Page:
Wine grapes are cultivated throughout all of Europe, usually in vineyards, though in Finland and Iceland they are grown in greenhouses. Wine is adored throughout the world, and has cultivated an eager following of experts and aficionados for whom life without wine would be no life at all. Once considered the nectar of the Gods, wine is also a commodity, for buying, selling, and collecting. It is also a cytalyst for love. Most handbooks on wine miss an important point, namely, that this royal beverage can be understood as a measure of man´s own spiritual manurity.
The grape-vine was grown in the Czech lands during the time of the Great Moravian Empire. Legend has it that Prince Svatopluk sent Prince Borivoj (the grandfather of St. Wenceslas) and his wife Ludmila a cask of wine in honour of the birth of their son in 892. During a period of great drought, it is said that Ludmila sacrificed much of the gift to the Goddess Krosyna, hoping for rain. Her prayers were answered.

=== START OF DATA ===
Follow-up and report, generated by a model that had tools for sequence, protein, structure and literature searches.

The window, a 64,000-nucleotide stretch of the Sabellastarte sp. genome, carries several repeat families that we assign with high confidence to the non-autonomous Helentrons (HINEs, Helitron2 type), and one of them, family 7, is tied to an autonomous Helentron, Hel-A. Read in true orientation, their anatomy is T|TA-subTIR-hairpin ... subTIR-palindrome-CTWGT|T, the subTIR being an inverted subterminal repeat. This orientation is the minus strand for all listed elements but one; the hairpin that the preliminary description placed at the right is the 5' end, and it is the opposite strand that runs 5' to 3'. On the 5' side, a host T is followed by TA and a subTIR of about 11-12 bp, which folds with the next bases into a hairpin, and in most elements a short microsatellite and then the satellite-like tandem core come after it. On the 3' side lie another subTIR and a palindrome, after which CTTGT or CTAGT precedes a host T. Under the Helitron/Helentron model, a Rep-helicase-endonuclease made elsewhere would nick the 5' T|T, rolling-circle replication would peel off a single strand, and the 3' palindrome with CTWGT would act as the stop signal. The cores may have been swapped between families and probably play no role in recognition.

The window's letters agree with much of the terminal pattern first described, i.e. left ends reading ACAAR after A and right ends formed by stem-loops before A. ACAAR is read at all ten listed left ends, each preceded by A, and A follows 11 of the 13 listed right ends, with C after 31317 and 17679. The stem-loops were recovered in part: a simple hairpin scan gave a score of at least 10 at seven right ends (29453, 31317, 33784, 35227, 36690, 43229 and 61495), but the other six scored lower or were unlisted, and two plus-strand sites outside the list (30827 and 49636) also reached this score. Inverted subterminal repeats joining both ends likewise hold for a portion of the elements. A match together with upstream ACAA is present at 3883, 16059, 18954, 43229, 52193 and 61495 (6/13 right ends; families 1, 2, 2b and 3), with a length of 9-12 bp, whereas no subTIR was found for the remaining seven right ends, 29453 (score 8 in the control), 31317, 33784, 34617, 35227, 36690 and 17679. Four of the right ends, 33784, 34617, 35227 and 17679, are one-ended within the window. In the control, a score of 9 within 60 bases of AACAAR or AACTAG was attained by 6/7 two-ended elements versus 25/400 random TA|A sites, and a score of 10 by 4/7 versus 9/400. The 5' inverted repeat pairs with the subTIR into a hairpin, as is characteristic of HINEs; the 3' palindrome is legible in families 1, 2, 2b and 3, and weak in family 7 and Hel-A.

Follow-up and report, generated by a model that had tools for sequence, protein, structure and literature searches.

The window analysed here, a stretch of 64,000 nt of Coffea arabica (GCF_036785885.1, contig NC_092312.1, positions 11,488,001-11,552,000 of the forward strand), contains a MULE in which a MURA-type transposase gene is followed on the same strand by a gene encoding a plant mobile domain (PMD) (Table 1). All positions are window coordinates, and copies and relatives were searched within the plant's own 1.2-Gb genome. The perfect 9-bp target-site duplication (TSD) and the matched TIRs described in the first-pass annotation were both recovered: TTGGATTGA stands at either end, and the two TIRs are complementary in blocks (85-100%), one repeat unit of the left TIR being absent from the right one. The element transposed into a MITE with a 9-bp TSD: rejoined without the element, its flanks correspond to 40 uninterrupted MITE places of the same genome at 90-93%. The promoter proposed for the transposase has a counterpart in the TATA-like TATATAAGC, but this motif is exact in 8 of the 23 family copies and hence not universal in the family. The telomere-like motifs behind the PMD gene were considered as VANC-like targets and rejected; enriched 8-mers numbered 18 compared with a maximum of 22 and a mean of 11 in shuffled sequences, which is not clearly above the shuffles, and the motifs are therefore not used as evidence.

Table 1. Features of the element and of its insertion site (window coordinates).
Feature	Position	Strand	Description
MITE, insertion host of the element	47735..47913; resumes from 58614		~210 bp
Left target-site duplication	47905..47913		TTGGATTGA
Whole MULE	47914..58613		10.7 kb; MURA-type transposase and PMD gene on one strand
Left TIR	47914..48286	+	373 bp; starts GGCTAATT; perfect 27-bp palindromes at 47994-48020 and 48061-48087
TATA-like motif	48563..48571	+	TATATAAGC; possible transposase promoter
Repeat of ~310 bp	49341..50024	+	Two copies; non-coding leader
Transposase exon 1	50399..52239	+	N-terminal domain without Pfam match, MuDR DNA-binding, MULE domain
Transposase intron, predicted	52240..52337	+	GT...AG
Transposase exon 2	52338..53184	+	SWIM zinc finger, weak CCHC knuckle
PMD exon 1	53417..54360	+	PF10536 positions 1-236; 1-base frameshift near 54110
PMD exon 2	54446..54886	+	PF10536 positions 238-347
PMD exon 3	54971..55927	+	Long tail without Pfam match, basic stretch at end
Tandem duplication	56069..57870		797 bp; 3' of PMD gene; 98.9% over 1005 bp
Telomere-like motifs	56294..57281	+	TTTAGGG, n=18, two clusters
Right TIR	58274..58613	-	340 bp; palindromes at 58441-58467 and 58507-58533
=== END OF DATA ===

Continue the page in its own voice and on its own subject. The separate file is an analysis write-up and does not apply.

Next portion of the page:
During the Middle Ages Czech grapes were grown primarily by monks, for more than just religious purposes. The Premonstratensians monks in Louka near the town Znojmo and the Cistercians at velehrad at Zernoseky owned the rights to their vineyards for centuries. Wine underwent a substantial "renaissance" under the Czech king and emperor Charles IV, who isseud an edict in 1358 calling for the cultivation of new vineyards. Wine soon became an important trade item, the selling and buying of which were influenced later by monarchs such as Rudolph II and Joseph II.
3 hours to drive from Prague , SE
on the way to Wienna
1)Znojmo SEE13 - 9 hour round trip
2)Znojmo town, wine-tasting SEE13 + Namest SEE7 - 12 hour round trip
3)Znojmo town, wine-tasting SEE13 + Mikulov SEE9 - 12 hour round trip
4)Znojmo town, wine-tasting SEE13 + Lednice and Valtice SEE8 - 12 hour round trip
5)Znojmo town, wine-tasting SEE13 + Jaromerice SEE6 - 12 hour round trip
6)Znojmo town, wine-tasting SEE13 + Moravsky Krumlov,A.Mucha SEE5 - 12 hour round trip
7)Znojmo town, wine-tasting SEE13 + Moravian Karst SEE4 - 12 hour round trip
8)Znojmo town, wine-tasting SEE13 + Brno and Austerlitz SEE3 - 12 hour round trip
9)Znojmo town, wine-tasting SEE13 + Catholic Pilgrim Sites in Moravia SEE11 - 13-14 hour round trip
10)Znojmo town, wine-tasting SEE13 + Vranov SEE10 - 13-14 hour round trip
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on Nov 12, 2010
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Last updated on Nov 12, 2010